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By Robert Rapier on Jun 17, 2014 with 10 responses

The Oil Markets as a Thanksgiving Turkey

This week BP (NYSE: BP) released their Statistical Review of World Energy 2014. This is always a big event for energy wonks, and as always I will break it down in a series of articles. My goal is always to flesh out important tidbits that were perhaps overlooked by the media. Here are some of the major findings from this year’s release that have been reported. In 2013:

  • US oil production had the largest increase in the country’s history
  • US oil demand grew at a faster pace last year than China’s, although China’s overall energy demand grew faster
  • Asia increased solar output last year more than Europe for the first time ever
  • Emerging economies accounted for 80% of energy consumption growth
  • Global oil production rose to a new all-time high

In one of those overlooked tidbits I like to point out, while global oil production did indeed set a new record — rising in 2013 by 557,000 barrels per day (bpd) over 2012 — without the US increase of 1.1 million bpd, global production would have declined by 554,000 bpd. But I will take a deeper dive into that starting next week. Today I want to talk about Iraq.

Or, more precisely the impact the unfolding events in Iraq have had on the global oil markets, and more specifically how those oil markets actually work. I had an interesting discussion with someone last week, after a remark was made about oil companies using any excuse — like potential supply disruptions in Iraq — to immediately jack up oil prices.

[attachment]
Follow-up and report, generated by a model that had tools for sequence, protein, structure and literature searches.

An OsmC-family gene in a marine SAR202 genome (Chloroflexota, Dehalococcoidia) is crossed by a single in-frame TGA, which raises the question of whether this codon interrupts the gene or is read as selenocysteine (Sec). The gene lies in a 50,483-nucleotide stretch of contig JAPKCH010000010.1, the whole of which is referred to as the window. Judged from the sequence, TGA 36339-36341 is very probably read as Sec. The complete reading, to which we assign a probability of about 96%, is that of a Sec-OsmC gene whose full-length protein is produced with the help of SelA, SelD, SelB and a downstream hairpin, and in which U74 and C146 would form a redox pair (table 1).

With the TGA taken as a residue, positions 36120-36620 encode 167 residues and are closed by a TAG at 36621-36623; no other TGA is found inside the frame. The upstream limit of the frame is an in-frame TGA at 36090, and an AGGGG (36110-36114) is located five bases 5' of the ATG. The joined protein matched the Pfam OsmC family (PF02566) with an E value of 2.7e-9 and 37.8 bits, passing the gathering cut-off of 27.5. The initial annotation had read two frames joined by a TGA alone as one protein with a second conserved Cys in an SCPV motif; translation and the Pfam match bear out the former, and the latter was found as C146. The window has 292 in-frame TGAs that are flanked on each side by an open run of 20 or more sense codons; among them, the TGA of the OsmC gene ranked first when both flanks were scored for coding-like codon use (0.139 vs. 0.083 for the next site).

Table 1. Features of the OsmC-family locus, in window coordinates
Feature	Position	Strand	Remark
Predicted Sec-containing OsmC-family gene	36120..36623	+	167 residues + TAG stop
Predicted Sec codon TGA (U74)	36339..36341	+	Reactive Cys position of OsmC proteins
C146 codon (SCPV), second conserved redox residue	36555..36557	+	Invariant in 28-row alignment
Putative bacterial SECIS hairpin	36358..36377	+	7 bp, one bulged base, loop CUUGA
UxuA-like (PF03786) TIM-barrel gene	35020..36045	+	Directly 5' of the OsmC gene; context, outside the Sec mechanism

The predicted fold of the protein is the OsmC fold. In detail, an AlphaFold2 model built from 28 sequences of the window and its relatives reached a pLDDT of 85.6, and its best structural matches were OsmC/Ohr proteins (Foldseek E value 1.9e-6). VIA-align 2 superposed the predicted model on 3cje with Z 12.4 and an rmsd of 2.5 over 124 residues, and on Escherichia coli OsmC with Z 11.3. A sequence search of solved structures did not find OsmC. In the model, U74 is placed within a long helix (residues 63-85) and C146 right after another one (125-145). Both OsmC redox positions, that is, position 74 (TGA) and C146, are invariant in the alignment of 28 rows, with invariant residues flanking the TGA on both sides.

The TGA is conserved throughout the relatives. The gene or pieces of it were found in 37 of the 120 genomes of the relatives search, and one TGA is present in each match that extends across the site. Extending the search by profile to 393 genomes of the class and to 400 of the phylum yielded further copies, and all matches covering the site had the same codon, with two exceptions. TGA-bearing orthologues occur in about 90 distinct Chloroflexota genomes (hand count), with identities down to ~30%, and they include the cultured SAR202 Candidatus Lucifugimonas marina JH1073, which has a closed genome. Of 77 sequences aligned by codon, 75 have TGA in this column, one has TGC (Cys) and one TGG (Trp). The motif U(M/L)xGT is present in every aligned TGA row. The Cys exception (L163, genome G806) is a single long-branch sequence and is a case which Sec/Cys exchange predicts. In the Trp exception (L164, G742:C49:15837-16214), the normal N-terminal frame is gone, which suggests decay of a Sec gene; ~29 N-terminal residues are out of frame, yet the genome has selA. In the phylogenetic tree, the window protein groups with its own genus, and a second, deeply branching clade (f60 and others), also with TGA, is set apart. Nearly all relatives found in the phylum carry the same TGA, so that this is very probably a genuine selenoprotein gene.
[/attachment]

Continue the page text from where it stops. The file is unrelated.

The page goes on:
I explained that this is not how the oil markets work. In some cases you do have countries (e.g., Saudi Arabia) setting prices, but most of the oil on the markets is simply determined by how much people are willing to pay for it. ExxonMobil (NYSE: XOM) doesn’t say “I think I will raise the price of oil today by $5 a barrel.” What they earn in most cases is based on contracts tied to the price of oil set on exchanges like the New York Mercantile Exchange (NYMEX). There the price of oil is determined by buyers and sellers. It is influenced by fear, greed, supply, demand, hoarding, speculation — you name it.

Here is an illustrative example. The person I was discussing this with works at a supermarket. So I said to imagine the oil markets like this. Thanksgiving is approaching, and 30 families would all like to buy a turkey from the local supermarket. Unfortunately, this is the only supermarket in town, and they have only 10 turkeys. If the supermarket prices the turkeys at $1, they will be gone very quickly. In fact, unless the supermarket limits purchases to one per family, some enterprising person may buy them all up so they can resell them for a higher price.

If the supermarket prices them at $20 each, some of those families are going to decide they don’t have to have turkey for Thanksgiving. This is rationing by price. At certain price points, fewer and fewer people are going to buy the turkeys. At $100 each, nobody will buy them. At $1 each, they won’t last long.

Now imagine that the supermarket decides to allow the price to be determined by bidding. The 10 turkeys are priced by the amount the 30 families are willing to bid. Everyone is willing to bid a dollar or three or five, but people start to drop out as the price rises. Poorer families may not be able to afford a $20 turkey (although the poor may hang in longer than you might imagine, especially if they have no other options).